The Forest of Arden
The arden is an area of the British countryside situated in Warwickshire and Staffordshire. Its name is thought to be derived from a Brythonic word ardu meaning “high” or “highland”, referring to the fact that it was once heavily wooded. The arden is situated immediately adjacent to Stratford-upon-Avon, the town where Shakespeare was born and raised.
The Forest of Arden was a large area of densely forested land that once covered the region in southern Warwickshire, England. It was the largest woodland in all of England at its height in the medieval era, and it did not appear to be subject to forest law at the time. Instead, a series of Roman roads such as Icknield Street, Watling Street and Fosse Way circled the forest, while a prehistoric salt track bound the south side.
During the early medieval period, the arden was also an important centre of the Knights Templar, and they owned a preceptory at Temple Balsall in the heart of the forest. The Templars are sometimes linked to the Shakespearean family and a number of people from the arden were involved in the Gunpowder Plot of 1605, including Robert Catesby, a native of Lapworth, a village in Arden, who was responsible for many key engagements during the English Civil War of 1642–1651 (see below).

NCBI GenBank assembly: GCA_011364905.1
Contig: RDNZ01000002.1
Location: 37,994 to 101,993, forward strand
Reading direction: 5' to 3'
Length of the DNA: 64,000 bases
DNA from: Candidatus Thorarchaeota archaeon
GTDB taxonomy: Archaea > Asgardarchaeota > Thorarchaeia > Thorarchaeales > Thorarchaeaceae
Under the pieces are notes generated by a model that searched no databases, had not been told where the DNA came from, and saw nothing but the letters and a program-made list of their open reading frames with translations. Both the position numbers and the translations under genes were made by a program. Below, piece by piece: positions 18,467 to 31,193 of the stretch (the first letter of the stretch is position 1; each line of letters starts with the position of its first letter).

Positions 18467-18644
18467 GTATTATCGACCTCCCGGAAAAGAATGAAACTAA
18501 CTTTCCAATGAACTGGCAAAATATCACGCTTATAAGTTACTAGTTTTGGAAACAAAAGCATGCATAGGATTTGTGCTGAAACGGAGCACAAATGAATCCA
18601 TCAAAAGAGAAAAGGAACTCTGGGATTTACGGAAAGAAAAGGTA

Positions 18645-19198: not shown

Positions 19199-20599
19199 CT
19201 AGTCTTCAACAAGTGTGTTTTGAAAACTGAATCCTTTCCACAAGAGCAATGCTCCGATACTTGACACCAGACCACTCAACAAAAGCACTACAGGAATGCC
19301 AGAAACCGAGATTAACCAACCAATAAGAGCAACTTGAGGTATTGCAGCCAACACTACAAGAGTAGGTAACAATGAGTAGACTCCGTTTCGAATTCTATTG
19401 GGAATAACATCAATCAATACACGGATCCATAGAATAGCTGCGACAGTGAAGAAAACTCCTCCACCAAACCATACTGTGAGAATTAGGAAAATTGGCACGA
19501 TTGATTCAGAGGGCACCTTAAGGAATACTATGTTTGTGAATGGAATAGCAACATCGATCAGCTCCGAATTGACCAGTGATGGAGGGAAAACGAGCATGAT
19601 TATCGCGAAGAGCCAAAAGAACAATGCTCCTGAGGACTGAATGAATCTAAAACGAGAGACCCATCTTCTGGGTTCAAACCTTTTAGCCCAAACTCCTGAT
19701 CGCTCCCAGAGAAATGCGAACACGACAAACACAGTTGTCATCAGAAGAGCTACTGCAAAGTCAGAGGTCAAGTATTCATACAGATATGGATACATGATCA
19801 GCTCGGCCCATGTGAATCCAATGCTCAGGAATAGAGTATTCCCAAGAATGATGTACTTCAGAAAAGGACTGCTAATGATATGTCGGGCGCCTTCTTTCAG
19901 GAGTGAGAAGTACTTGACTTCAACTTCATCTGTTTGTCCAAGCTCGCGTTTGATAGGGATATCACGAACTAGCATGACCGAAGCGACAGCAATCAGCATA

At the time of the Tudor era, the arden was a major trading centre with a significant presence of merchants and tradespeople. The medieval hamlet of Henley-in-Arden was the most important centre, and there were several other smaller towns such as Coleshill, Knowle and Ulverlei in the arden.
From the eleventh century onwards, a wave of settlement took place in the arden as a result of peasant land hunger and seignorial encouragement by local lords. These lords often offered free burgage tenure to villagers and their families, which meant that they paid no rent to the local Lord of the Manor or his heirs.
In the sixteenth century, a series of royal forests were established in the arden and on adjacent woodland, such as Sutton Park and Feckenham Forest. However, this was not due to the area being subject to forest law, but rather to the fact that it was a frontier area. This may be in part because the forest was so dense that it was difficult to navigate, and wolves and bears were present.
The forest is now a protected area under the European Union’s Natura 2000 network and the United Kingdom’s Countryside Commission has considered creating a new national forest in the arden. In the meantime, tourism supports some of the local economy as visitors come to visit historic sites and rural villages in the arden.